Back in January I issued a challenge to myself to check out at least 5 general aviation airports that I haven’t been to before. The passing of my mother earlier this year forced me to put a lot of my plans on hold. As a result I haven’t been able to focus on the challenge as much as I would have liked. However recently I was able to add airport #3 to my list when I attended a cruise-in/fly-in at Zanesville Municipal Airport (ZZV).
Adding another airport towards my goal was actually a secondary reason for wanting to attend this fly-in. The primary reason was that they were offering rides on a C-47. Normally the ticket price would have been around $200, however for this event they were offering a shorter version of the flight for less than half the price. How could I say no?
The first thing I noticed upon arriving at ZZV is that there is a Republic F-105 Thunderchief on display out front. That’s right – this small, unassuming airport in the middle of nowhere has a totally bad-ass military plane sitting outside the front door. That, my friends, is the GA airport equivalent of a mic drop. Bam!
Any time I have the chance to stop by an FBO, I always do. The FBO at ZZV is nicely appointed with the requisite comfy chairs, computer access and meeting rooms. The bathrooms were clean. The staff were welcoming. And they have the coolest weather vane EVER! Seriously – I want one!
There was a nice assortment of airplanes parked on the ramp, including a couple of bizjets and a stunning Great Lakes biplane. The star of the show, however, was Hairless Joe. Delivered to the military in 1945, this C-47 was too late to see service during WWII and so spent most of its life performing other roles. The Yankee Air Museum recently refurbished it, gave it a military paint scheme and named it Hairless Joe in honor of the C-47 that Lt. Col. Dick Cole flew in the China/Burma/India theatre.
The C-47 is probably best known for its role during D-Day when it dropped around 13,000 paratroopers into Normandy. This was very much on my mind as I boarded the plane and took my seat, especially since Hairless Joe has a military seating configuration. This means we sat on benches along the sides of the plane rather than in seats bolted down the middle.
I watched the engines fire up, and as we started to taxi could see the excitement on the faces of the people sitting around me. I imagined how it must have been for the paratroopers on D-Day. I am sure there was excitement then too, but an entirely different kind.
The flight involved a couple of laps around the airport traffic pattern, which meant lots of turns. There was also a fair amount of turbulence. The combination of the two was a bit unsettling for my stomach at first, but I focused on the view outside the window and that helped a lot. I looked across the left wing as the plane gracefully maneuvered through the sky and I thought again of the paratroopers who flew in these planes 75 years ago. Did they try to look out the windows too? Or were they so focused on the mission that they could think of nothing else?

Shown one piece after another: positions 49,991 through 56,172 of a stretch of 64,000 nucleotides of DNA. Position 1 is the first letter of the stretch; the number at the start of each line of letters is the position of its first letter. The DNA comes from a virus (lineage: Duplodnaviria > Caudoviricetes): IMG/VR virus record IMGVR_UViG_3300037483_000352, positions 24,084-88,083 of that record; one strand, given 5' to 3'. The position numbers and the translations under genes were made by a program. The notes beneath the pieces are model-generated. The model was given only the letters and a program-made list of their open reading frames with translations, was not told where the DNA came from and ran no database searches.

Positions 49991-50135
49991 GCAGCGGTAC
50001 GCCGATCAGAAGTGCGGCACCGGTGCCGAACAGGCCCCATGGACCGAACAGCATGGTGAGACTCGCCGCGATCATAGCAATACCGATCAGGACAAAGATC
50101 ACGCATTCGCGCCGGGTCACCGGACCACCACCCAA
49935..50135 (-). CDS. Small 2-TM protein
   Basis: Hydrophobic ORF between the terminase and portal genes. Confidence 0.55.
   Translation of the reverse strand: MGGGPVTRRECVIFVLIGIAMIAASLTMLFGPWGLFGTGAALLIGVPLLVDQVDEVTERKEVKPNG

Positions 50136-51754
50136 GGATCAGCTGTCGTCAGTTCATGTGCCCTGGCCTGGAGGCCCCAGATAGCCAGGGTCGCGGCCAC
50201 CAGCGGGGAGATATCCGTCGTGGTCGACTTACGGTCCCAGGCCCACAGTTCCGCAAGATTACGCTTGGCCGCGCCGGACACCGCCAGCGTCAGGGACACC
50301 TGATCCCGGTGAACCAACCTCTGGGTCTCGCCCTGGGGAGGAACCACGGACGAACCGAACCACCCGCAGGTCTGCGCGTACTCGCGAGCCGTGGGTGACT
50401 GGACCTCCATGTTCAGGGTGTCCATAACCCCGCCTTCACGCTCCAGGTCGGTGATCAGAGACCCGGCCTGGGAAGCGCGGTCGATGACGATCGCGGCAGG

The flight lasted just under ten minutes. After we landed we were able to walk up to the cockpit and take a look at all the gauges and dials. As we disembarked we saw that people who hadn’t bought tickets for the flight were being allowed to climb the stairs and take a look around. There was a long line of people eager for a chance to visit the plane and touch history. It occurred to me how fortunate we are that there are organizations like the Yankee Air Museum who keep these planes flying.
Four days later a B-17 owned by the Collings Foundation crashed at Bradley Airport in CT. Seven people were killed including both pilots and several passengers. The loss of life was devastating. The loss of the airplane was heartbreaking. The cause of the crash is still being investigated, but already there have been calls by some to end vintage plane rides.
All airplanes require regular maintenance and well-trained pilots. I believe that as long as the proper procedures are followed, vintage warbirds are as safe to fly as any other plane. There’s just something special about these old birds. They have character and personality that modern planes do not. Perhaps most importantly, they can bring history alive in a way that books and museums can’t duplicate. I hope they will continue flying for many years to come. Would I fly on one again if given another opportunity? Heck yes I would! In a heartbeat!